Emotional Capacity – The Secret To Strong Relationships

Capacity is defined as “the maximum amount that something can contain.”

Our cell phones only charge to 100%.

Our bath tubs only hold so much water.

Our cars only hold so much gas.

Once our phones, tubs and/or car’s reach their “capacity,” they’re incapable of holding another ounce of electrical charge, water and/or gas.

At our emotional capacity

I’m not telling you anything you don’t already know.

At least I hope I’m not.

I believe this same concept of capacity applies to our emotional needs.

Let me explain how.

Each and every one of us have varying levels of “emotional depth” that allow us to experience different degrees of “feeling” in our relationships.

Placing two people in the same exact scenario with the same exact circumstances would result in two totally different emotional responses.

This is a good thing and it’s what makes humans so fascinating.

It’s part of our evolutionary advantage.

But it can also create a breakdown in our relationships if we’re not aware of our partner’s level of “Emotional Capacity (EC).”

Relationships ending in pain because of lack of emotional capacity

Misinterpreting and/or neglecting to discover this level in those we love can result in unfulfilling and abruptly ended relationships that inflict extreme internal pain.

While one person may feel content because their levels are being satisfied, the other person may feel as though they’re being totally disregarded.

Aside from straight out asking someone if their emotional needs are being met, this can be really tricky to discover and normally takes a substantial amount of self-awareness to pick up on both verbal and non-verbal cues from the other person.  

The unfortunate conclusion normally ends with one person feeling as though they’re doing all of the “giving,” and “getting” little to nothing in return.

To make it even worse, when someone voices their need for more “emotional depth,” it’s normally met with comments accusing them of being “too needy” or “high maintenance” or “too sensitive.”

The end result is the same unfortunately – one person feels as though they’re the only one that truly cares.

This is infrequently the case.

To get a better understanding of our individual “EC” levels, I’ve developed a formula.

Yes, we Marines rely on formulas for everything. How else do expect us to accomplish anything without having a step by step process written in crayon?

Geez.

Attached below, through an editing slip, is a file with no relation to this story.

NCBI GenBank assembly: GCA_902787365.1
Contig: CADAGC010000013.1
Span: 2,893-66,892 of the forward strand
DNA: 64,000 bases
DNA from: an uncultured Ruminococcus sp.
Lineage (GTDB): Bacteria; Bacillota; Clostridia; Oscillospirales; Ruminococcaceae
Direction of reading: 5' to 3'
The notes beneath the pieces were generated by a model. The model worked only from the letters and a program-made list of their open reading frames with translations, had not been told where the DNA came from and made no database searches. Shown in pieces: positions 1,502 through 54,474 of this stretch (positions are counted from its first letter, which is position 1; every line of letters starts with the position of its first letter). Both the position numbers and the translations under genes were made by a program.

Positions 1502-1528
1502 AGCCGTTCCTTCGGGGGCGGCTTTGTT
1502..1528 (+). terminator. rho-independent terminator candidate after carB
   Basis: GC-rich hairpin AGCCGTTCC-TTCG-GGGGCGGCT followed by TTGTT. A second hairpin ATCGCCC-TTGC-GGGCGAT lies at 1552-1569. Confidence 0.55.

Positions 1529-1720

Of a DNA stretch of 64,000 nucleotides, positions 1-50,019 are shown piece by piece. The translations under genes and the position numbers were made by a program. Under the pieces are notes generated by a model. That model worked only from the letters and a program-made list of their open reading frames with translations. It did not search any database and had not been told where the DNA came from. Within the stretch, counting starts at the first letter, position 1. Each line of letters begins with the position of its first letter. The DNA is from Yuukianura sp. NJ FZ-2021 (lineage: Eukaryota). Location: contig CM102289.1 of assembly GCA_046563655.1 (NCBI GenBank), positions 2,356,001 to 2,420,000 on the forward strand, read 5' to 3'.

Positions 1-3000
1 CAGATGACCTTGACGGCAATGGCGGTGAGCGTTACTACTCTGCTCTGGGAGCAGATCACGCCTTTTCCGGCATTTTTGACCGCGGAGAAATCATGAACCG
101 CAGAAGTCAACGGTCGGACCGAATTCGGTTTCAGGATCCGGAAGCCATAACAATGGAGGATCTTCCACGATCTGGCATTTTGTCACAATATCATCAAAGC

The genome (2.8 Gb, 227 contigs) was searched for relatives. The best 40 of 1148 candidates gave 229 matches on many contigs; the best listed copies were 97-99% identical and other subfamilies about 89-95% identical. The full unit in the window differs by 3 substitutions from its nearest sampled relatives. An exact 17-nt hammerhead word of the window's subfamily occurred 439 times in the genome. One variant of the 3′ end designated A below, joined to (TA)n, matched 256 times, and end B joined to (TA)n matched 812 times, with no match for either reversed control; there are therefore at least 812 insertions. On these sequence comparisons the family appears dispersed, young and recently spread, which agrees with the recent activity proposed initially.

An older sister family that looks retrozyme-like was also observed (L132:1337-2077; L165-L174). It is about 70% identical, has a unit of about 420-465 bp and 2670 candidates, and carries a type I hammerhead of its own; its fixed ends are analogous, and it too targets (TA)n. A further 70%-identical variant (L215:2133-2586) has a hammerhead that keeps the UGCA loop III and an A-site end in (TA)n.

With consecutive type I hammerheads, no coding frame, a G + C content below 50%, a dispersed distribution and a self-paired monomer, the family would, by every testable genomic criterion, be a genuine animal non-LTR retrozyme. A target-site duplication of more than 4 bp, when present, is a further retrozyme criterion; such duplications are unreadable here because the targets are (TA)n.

It’s Detect, Inspect and Reflect.

Detect – This is the part where you pay close attention to the other person to pick up on their emotional responses to everyday situations. The goal is to gain an understanding for what’s important to them and to pick up on cues that will help to better understand their reactions to various scenarios.

Do they cry in sad movies? Do they constantly refer to how things remind them of a loved one that was lost? What do they tell you about prior relationships? How do they handle conflict? Do they get happy when they see you’re happy? Do they get sad when you get sad?

Becoming an emotional detective

This is where you need to become a very proficient “emotional detective.”

Inspect – Once you pick on patterns of how they respond to situations, the next thing to do is analyze WHY they’re responding the way they are. Just because they cry during a love story on TV doesn’t specifically mean they want to get married tomorrow. It might mean that movie triggered an emotion of sadness because of a parent they lost. The objective with this part of the equation is to try and gain an understanding as to why they respond the way they do. What you discover here will help with how you handle future scenarios.

Reflect – This is the most important part of my formula. You’ve worked hard to detect WHAT gets them emotional and you’ve analyzed WHY it gets them emotional.

Now for the difficult part….

What to do with what you’ve learned.

The reflective piece of discovering emotional capacity is where the rubber hits the road. It’s where you need to look internally and ask yourself – “can this person provide the amount of emotional support I’ll need to be happy?”

Self reflection to decide if change is possible

If you’re the one that requires less emotional connection, are you ok with trying to increase your level?

If you’re the one that requires more emotional connection, are you ok with trying to decrease your level?

Best case scenario is obviously to meet each other half way, but it all starts with accepting the fact that each of us are operating on different degrees of feelings.

And that’s absolutely ok.

I’ll leave you with a quote:

“Some say I’m too sensitive, but the truth is I just feel too much. Every word, every action and every energy goes straight to my heart.”

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